Last month, the Government’s newly-appointed Minister for Justice (and my constituency neighbour), Lucy Frazer MP, announced proposals to close eight courts around England, including the Magistrate’s Court in Cambridge. That would be almost 130 local court and tribunal closures since 2016 if the plans go ahead. We are five weeks into the 10-week consultation, which is asking for constituents’ views on whether they want to see their court provisions relocated to Huntingdon and Peterborough. I would encourage all residents to take part in the consultation and speak up once again for our diminishing public services.
I am opposed to these proposals. I feel justice is best served locally, and after speaking with key stakeholders, I am yet to hear a robust argument in favour of the closure.
The primary argument is that the court is currently underused, and it’s closure will bring about effective cost savings, helping to reach the £1 billion worth of cuts the MOJ is trying to implement. I have serious doubts about this, as there can be no money raised from the selling of the building as it is not owned by the Government. The only saving can be the ongoing rental.
What is needed is a proper analysis of court provision across the city. The cost of travel to alternative locations for those using the court will surely mount in the coming years. With Cambridge predicted to reach a population of 150,000 by 2050, moving vital law and order services out of the city cannot be in our best long-term, economic interests. What this looks like, is just another way to shift the financial burden from central Government to local services, which we have seen too many times has negative consequences for the local community.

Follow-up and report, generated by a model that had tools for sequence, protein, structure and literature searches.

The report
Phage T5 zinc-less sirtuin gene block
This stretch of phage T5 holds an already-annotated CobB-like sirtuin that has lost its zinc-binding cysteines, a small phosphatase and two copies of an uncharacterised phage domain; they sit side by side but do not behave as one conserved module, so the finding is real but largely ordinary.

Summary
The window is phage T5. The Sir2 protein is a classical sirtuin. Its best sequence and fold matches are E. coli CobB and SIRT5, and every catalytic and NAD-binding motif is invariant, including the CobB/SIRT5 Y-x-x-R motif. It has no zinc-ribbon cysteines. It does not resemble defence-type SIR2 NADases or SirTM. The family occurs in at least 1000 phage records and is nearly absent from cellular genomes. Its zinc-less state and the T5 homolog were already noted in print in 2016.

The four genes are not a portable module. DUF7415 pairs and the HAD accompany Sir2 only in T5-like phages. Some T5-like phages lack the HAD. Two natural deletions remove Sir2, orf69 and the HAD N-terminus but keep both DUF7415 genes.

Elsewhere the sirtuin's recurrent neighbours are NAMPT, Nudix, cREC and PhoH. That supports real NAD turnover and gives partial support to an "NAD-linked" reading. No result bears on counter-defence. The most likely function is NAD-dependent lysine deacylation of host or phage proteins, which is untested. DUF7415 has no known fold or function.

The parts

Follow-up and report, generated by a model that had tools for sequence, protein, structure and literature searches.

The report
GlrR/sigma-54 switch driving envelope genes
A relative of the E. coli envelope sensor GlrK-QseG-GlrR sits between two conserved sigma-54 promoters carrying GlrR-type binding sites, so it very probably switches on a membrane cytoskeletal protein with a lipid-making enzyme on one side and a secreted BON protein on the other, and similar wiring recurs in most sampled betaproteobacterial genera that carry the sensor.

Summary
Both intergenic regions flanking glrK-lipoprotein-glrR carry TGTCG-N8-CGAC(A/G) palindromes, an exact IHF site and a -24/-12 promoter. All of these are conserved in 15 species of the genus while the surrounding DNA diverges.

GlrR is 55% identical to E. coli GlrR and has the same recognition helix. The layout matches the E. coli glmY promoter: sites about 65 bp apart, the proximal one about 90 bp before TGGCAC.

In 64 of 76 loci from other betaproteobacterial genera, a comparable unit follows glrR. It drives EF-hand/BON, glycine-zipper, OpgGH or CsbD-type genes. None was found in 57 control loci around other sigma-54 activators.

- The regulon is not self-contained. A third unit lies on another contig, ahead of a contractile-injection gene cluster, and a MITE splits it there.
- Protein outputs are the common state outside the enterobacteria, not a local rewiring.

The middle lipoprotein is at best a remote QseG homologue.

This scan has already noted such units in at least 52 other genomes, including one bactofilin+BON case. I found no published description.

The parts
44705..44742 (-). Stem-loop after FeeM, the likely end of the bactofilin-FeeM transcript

There are plenty of concerns with the proposals to move the court services. Conservative Police and Crime Commissioner, Jason Ablewhite, has stated that the move could see fewer criminals receiving justice, and that victims and those they have accused could end up travelling on the same form of public transport.
We have to also consider those people who may not find it so easy to navigate themselves to Huntingdon or Peterborough, how will they manage with the changes? Time and time again the Conservatives see the provision of services in terms of cost and not what it provides to the local community, who are paying their taxes. So what can we do? Complete the consultation, sign the petition that the Cambridge Labour Party has set up against the closure, and join our campaign to keep our local court serving local justice.
Sign our petition to save the Magistrates' Court here.
This article was originally printed in the Cambridge Independent.